[Marxism] The 2-party system

Louis Proyect lnp3 at panix.com
Fri Jun 18 08:00:32 MDT 2004

Boston Globe,  June 17, 2004
Protesters threaten to sue city
Permits, trash, time rile groups
By Raphael Lewis and Rick Klein,

Just six weeks before the Democratic National Convention, civil rights 
groups are threatening to sue the city of Boston because a "free-speech 
zone" near the FleetCenter remains piled high with twisted steel and 
hunks of Big Dig concrete, no protest groups have received demonstration 
permits, and the city is enforcing its rule against afternoon marches.

The threats of legal action followed a meeting yesterday between the 
city and the American Civil Liberties Union and National Lawyers Guild, 
where activists were told of a Boston ordinance that bans marches from 
3:30-6:30 p.m. Those are hours when evening commuter traffic is heaviest.

But the civil rights groups complain that the rule effectively bars them 
from parading in streets when delegates will be arriving at the 
FleetCenter for convention activities.

The civil rights groups were also told demonstrators may not be allowed 
to carry signs on sticks for security reasons, and that the use of 
battery-powered bullhorns will require special permits.

Those rules don't appear on the city's website guide to demonstration 

"Here we are, six weeks before the convention," said Jeffery Feuer, a 
National Lawyers Guild attorney who took part in yesterday's meeting. 
"The DNC has been planned for more than two years. We've been meeting 
with them since last July, so it's not acceptable anymore. Unless we 
hear imminently that the procedures have been changed and the 
constitutional issues are addressed and people can take part in the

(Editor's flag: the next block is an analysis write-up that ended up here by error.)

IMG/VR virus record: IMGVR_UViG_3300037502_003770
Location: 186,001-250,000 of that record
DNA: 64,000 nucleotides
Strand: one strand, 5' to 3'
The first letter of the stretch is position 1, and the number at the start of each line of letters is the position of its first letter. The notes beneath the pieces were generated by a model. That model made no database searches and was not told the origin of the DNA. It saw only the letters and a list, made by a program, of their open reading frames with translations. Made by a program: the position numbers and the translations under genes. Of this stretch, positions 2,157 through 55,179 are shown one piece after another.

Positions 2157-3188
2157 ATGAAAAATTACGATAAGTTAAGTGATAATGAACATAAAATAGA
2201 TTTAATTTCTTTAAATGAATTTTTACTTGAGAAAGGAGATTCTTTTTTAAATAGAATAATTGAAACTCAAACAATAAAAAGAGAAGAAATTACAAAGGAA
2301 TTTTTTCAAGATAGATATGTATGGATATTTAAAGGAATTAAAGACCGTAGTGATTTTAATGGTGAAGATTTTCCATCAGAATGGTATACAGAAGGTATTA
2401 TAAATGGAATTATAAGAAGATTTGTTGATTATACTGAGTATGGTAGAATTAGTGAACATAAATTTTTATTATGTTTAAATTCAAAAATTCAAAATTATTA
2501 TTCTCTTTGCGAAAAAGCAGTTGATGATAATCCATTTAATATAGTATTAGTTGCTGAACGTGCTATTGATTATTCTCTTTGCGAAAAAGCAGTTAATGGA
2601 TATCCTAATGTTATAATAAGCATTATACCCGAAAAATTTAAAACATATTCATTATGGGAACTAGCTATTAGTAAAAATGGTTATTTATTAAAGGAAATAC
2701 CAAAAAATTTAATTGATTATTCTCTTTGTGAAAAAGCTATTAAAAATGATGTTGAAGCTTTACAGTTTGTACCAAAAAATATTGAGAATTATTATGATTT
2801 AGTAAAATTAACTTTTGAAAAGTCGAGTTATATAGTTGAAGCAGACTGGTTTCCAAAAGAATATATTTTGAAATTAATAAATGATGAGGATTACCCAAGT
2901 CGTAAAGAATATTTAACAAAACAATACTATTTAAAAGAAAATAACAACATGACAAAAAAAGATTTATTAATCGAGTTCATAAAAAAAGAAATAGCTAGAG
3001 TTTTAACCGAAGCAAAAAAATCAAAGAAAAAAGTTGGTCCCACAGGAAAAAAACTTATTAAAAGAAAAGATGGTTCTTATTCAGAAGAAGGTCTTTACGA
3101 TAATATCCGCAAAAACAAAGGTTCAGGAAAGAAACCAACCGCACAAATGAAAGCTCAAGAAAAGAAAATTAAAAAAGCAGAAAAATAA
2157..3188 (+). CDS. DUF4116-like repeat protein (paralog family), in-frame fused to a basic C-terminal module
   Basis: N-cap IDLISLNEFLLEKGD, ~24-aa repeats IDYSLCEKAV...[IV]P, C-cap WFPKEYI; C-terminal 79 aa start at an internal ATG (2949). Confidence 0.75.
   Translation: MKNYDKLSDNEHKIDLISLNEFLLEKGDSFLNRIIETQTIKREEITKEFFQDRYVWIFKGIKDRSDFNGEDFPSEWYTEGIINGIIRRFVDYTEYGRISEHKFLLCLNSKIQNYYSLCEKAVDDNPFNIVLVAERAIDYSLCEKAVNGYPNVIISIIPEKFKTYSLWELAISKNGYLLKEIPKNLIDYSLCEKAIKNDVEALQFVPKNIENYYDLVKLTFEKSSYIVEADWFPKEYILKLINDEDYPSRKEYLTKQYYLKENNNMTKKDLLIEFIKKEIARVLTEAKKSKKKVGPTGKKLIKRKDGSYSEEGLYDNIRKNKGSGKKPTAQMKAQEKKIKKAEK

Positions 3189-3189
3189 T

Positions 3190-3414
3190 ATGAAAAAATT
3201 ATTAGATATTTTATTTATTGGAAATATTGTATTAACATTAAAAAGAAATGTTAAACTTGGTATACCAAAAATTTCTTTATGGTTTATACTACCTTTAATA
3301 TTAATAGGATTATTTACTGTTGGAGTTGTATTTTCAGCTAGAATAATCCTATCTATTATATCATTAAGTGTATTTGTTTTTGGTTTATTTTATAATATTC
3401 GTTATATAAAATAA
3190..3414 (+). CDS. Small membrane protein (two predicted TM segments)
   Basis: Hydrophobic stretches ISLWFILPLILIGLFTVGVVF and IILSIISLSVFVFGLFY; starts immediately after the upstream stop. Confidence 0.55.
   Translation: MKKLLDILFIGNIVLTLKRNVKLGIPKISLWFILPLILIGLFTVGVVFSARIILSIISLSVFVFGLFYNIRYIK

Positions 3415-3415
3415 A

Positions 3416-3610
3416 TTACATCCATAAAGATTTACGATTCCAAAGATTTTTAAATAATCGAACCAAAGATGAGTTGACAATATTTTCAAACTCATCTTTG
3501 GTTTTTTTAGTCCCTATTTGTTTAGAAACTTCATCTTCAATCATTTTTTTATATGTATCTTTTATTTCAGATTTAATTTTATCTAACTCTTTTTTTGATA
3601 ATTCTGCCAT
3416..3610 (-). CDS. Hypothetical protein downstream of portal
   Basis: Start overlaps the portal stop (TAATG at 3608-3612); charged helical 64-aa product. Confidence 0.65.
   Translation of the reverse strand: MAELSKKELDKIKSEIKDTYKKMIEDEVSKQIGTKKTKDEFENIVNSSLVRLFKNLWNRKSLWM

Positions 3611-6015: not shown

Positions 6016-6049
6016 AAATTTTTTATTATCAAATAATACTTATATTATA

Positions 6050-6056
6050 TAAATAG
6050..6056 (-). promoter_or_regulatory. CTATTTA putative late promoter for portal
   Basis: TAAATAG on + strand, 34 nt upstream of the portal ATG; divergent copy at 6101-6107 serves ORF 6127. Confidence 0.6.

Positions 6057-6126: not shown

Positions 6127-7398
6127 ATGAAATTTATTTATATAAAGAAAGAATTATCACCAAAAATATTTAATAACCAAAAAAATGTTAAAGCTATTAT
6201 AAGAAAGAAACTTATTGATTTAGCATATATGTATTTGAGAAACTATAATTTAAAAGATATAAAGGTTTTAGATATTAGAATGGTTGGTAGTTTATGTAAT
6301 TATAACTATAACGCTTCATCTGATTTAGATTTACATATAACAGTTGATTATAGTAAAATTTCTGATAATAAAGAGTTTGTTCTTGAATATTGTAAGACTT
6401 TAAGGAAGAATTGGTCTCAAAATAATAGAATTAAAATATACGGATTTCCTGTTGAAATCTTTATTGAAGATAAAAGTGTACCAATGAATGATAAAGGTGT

process, then we're going to file a lawsuit."



The New York Times, June 17, 2004
Protesters' Morning Greeting for Mayor: Where's Our Permit?


When Mayor Michael R. Bloomberg arrived at City Hall yesterday morning, 
he breezed by the usual array of police officers, lobbyists and 
government aides gathered outside. But one group was not so ready to let 
him pass by.

Several members of United for Peace and Justice, a protest group that 
has been battling the Bloomberg administration for the right to hold a 
rally in Central Park during the Republican National Convention, seized 
the opportunity to ask the mayor when they would receive a permit. The 
mayor said, ''All you've got to do is apply.''

But a few people called out that they had indeed already applied, about 
a year ago. The mayor then responded, ''All you've got to do is wait.''

The mayor added that the Police Department would now look at the 
applications and find a way to accommodate protesters. The city had 
asked groups to apply for permits by June 15, but is now saying they can 
submit applications until a month before the convention, which begins on 
Aug. 30; applications from a dozen groups have already been received, 
officials said.

''Until we get them all, we just can't do that,'' the mayor told the 
protesters, referring to when the permits would be issued. ''You're 
asking something unreasonable. Now we have them, and we will give 
everybody a permit so that they can express themselves.''

But the mayor's answer did not satisfy Leslie Cagan, national 
coordinator for United for Peace and Justice. Her group's original 
application for a permit in Central Park was denied by city officials, 
and the group is fighting that decision.

As the mayor walked away, she continued to call after him. Afterward, 
she complained to reporters, ''I guess that's the mayor's idea of a 
conversation: he talks to us, then he turns his back and walks away.''

The exchange between the mayor and the protesters came just before the 
issue was taken up by the City Council's Governmental Operations 
Committee. More than 75 people filled the hearing room, and a 
sergeant-at-arms turned away latecomers at the door.

During the three-hour hearing, the committee voted to approve a 
resolution calling on Mayor Bloomberg and his administration to uphold 
civil liberties, expedite the permit process, ban the excessive use of 
police barricades and allow demonstrators to protest close to Madison 
Square Garden, the site of the convention.


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